• http://www.facebook.com/profile.php?id=564925407 Jason Fordham

        The model of what actually happened in the US to each $1,000,000 of stimulus is best illustrated with 100 people:  1 person got $930,000, and the other 99 shared $70,000 – $700 each, on average. If you were already poor, and struggling to keep putting food on the table, you got very little indeed.

        http://milescorak.files.wordpress.com/2012/03/saez-ustopincomes-2010.pdf

        • TomK_in_Boston

          With our current system of ultra low taxes at the top and deregulated corporations, as GDP increases, the 99% get very little indeed. The way to make the ongoing richness of the USA as a whole relevant to most of the citizens is big tax increases at the top.

  • Pingback: Nobody’s Century | On Point with Tom Ashbrook | Clearing House for Environmental Course Material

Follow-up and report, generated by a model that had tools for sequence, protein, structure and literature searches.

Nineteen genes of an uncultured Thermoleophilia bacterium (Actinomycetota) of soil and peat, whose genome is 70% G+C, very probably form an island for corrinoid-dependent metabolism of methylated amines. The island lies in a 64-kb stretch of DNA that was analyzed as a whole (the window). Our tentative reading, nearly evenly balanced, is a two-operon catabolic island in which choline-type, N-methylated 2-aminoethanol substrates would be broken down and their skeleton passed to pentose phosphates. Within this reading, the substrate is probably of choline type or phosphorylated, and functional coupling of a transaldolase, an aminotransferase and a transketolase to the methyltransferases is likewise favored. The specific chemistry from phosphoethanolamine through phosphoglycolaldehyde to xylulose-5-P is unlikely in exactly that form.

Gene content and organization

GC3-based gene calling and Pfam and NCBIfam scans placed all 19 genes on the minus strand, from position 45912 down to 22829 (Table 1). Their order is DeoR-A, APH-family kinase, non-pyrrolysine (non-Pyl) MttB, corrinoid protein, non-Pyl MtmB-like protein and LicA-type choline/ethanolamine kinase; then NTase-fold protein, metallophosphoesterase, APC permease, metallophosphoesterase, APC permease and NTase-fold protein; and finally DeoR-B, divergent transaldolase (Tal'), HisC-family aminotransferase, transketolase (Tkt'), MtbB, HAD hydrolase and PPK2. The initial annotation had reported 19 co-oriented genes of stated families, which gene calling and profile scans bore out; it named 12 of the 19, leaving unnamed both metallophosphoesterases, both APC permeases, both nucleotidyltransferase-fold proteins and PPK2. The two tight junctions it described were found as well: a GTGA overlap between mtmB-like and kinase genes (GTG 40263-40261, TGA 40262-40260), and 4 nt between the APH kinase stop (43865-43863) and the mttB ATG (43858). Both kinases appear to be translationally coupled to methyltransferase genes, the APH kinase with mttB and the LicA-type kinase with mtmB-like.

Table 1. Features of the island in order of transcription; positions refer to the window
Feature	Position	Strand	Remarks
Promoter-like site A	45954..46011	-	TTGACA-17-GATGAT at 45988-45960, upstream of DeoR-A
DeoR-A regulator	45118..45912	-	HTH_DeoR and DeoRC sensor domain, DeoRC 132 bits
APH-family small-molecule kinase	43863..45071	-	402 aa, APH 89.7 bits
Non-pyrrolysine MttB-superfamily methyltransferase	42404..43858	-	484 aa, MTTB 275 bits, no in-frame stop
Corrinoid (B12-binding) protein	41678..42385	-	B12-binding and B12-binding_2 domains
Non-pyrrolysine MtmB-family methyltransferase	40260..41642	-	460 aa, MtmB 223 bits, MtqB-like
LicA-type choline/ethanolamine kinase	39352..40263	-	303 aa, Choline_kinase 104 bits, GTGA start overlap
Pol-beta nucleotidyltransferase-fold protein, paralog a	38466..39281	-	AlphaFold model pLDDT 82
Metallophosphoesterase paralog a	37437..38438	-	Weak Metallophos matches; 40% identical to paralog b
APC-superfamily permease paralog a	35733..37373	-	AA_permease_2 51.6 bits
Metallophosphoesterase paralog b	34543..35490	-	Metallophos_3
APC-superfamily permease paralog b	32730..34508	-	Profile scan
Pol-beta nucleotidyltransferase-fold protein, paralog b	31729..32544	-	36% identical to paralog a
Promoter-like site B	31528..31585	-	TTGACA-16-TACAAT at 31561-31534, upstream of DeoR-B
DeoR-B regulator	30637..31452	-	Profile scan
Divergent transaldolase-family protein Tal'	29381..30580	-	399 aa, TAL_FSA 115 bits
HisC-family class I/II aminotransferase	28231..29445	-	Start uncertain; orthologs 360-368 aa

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  • TomK_in_Boston

    The second half of the 20′th century was “American” in science and technology for several reasons. Adolf Hitler drove the german scientists he didn’t kill to the USA, and german leadership passed to the USA. Then post-WW2 we had rapidly expanding government spending on scientific research, government spending on the GI Bill to let those returning GIs go to college without the 21′st century curse of “student loan debt”, and rapidly expanding state government spending to provide nearly free, high quality, public higher education. Throw in the Apollo project, and we got an explosion in science and technology, the internet, biotech, etc.

    Now, gvt spending and taxing have become bad. Some states fund less than 10% of their “State Universities”, to keep taxes on the rich low, so tuition is rising. Support of science is falling compared to our international competitors. We produce fewer PhDs while they produce more. We cut back while they expand. We even have legislators who don’t believe in science, they are more like medieval clerics.